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Title: Topical therapy with novel targeted releasing formulations
Author: Luo, E-Ching
ISNI:       0000 0004 5371 1113
Awarding Body: De Montfort University
Current Institution: De Montfort University
Date of Award: 2015
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Aims Novel low toxicity formulations using biomaterial (i.e. gelatin) for triggered release and controlled manner of formulated therapeutic agent for treatment of immuno-inflammatory disease on the skin were studied in the PhD project. It is a challenging concept because of difficulties in targeting and controlling for the releases that is tailored to disease severity or lesional inflammation extent. Background Psoriasis is a complicated disease with multi-factorial pathogenesis. Potent anti-psoriatic drugs are available but for managing the symptoms of the disease. Due to the toxicity of the therapeutic agents, different strategies have been suggested to avoid severe side effects from long term or high dose usage. Psoriasis is an optimal representative for this investigation in terms of the toxicities of recognized drugs, unpredictable or relapsed nature of the disease or even life threatening developments if generalised symptoms develop as they can in some types. Method Using the rheometry in temperature sweep mode, a series of concentrations of pure gelatin and gelatin mixture were developed. In addition, using tryptic enzyme, their action was studied rheologically. A Petri dish observational method was used to investigate the permeability of formulations chosen on the basis of the rheometric performance. Then, combining the Copley diffusion cell kit and UV/VIS spectrophotometer, the release of the model drug was investigated in porous artificial membranes and porcine skin for one or more of the formulations. The preliminary part using porous artificial membranes was to investigate the amount of the release of tartrazine from a candidate gel into the circulation system. In this part, alternatives were considered for dealing with gelatin or gelatin/carbomer swelling by using mechanical stress approach or changing to octanol solvent. For the latter a dye, rhodamine, which would partition into octanol had to be substituted for tartrazine (which has iv negligible organic solubility). In the final part, using skin membrane, the amount of the release tartrazine to the skin was measured because in this, skin staining, rather than partition was needed. Results Promising results were observed in each stage. The rheological investigation on the developed gelatin/water system and gelatin/carbomer intimate system in absence and presence of tryptic enzyme showed that a responsive but convenient formulation was possible and was independent of the presence of tartrazine. Analysis of these resulting rheological profiles suggested a prediction for the best gelatin/carbomer formulations to select for the permeability tests. The latter used Petri dishes to compare differential diffusion of these candidates showed the carbomer was able to stop three-dimensional spreading of the dye through the pure gelatin or its residue (after enzyme action). The drug release studies using artificial porous membranes for preliminary work showed significant differential release between enzyme free and enzyme treated versions of the 20% gelatin/0.9% carbomer formulation. The final success was the in vitro skin experiment in which the result was obtained for the pure gelatin and shown to deliver very substantially more to areas with applied enzyme s a simulated lesion.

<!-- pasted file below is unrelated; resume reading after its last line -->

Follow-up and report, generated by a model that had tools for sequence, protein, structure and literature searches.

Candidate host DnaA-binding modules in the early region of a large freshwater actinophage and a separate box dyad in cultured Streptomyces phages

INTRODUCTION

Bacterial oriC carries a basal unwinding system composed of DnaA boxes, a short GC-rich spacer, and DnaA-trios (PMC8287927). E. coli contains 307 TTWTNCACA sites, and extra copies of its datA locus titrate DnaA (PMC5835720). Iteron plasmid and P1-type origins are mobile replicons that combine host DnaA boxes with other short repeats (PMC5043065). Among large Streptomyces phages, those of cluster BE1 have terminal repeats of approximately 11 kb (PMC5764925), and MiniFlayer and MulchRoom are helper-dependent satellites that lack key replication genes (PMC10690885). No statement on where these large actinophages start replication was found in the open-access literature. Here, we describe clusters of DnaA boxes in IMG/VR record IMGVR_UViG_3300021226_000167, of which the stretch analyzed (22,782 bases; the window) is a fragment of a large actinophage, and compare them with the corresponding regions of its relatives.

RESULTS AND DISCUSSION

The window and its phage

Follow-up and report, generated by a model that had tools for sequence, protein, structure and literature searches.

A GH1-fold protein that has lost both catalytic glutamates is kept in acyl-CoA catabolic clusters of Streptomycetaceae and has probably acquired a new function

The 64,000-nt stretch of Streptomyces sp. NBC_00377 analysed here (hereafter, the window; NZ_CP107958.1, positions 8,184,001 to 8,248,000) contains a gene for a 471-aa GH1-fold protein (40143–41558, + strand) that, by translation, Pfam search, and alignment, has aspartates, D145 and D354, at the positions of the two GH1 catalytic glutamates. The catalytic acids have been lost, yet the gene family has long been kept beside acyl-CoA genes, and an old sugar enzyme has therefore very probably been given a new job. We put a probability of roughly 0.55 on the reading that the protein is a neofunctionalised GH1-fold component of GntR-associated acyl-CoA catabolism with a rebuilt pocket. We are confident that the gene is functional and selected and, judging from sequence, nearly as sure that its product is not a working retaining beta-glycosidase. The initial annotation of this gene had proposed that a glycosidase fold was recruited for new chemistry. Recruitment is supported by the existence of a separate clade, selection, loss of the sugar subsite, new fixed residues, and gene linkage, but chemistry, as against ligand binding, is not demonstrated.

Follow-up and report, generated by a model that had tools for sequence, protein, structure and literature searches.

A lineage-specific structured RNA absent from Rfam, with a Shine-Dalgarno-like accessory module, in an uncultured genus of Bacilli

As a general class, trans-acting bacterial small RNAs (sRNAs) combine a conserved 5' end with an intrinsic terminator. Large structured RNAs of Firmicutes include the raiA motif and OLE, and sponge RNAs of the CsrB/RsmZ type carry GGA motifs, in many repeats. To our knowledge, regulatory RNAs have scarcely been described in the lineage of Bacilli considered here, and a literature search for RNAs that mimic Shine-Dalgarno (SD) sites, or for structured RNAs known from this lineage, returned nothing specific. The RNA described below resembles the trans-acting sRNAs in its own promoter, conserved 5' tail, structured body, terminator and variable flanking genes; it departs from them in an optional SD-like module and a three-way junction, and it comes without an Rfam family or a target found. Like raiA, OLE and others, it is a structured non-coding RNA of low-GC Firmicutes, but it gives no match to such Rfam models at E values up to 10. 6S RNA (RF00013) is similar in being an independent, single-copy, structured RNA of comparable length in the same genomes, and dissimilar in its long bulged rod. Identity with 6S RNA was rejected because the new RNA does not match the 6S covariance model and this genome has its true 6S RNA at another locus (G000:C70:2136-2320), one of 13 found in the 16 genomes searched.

Supervisor: Not available Sponsor: Not available
Qualification Name: Thesis (Ph.D.) Qualification Level: Doctoral
EThOS ID:  DOI: Not available
Keywords: topical therapy ; topical delivery ; targeted ; releasing formulation ; gelatin ; gelatine ; carbomer ; carbopol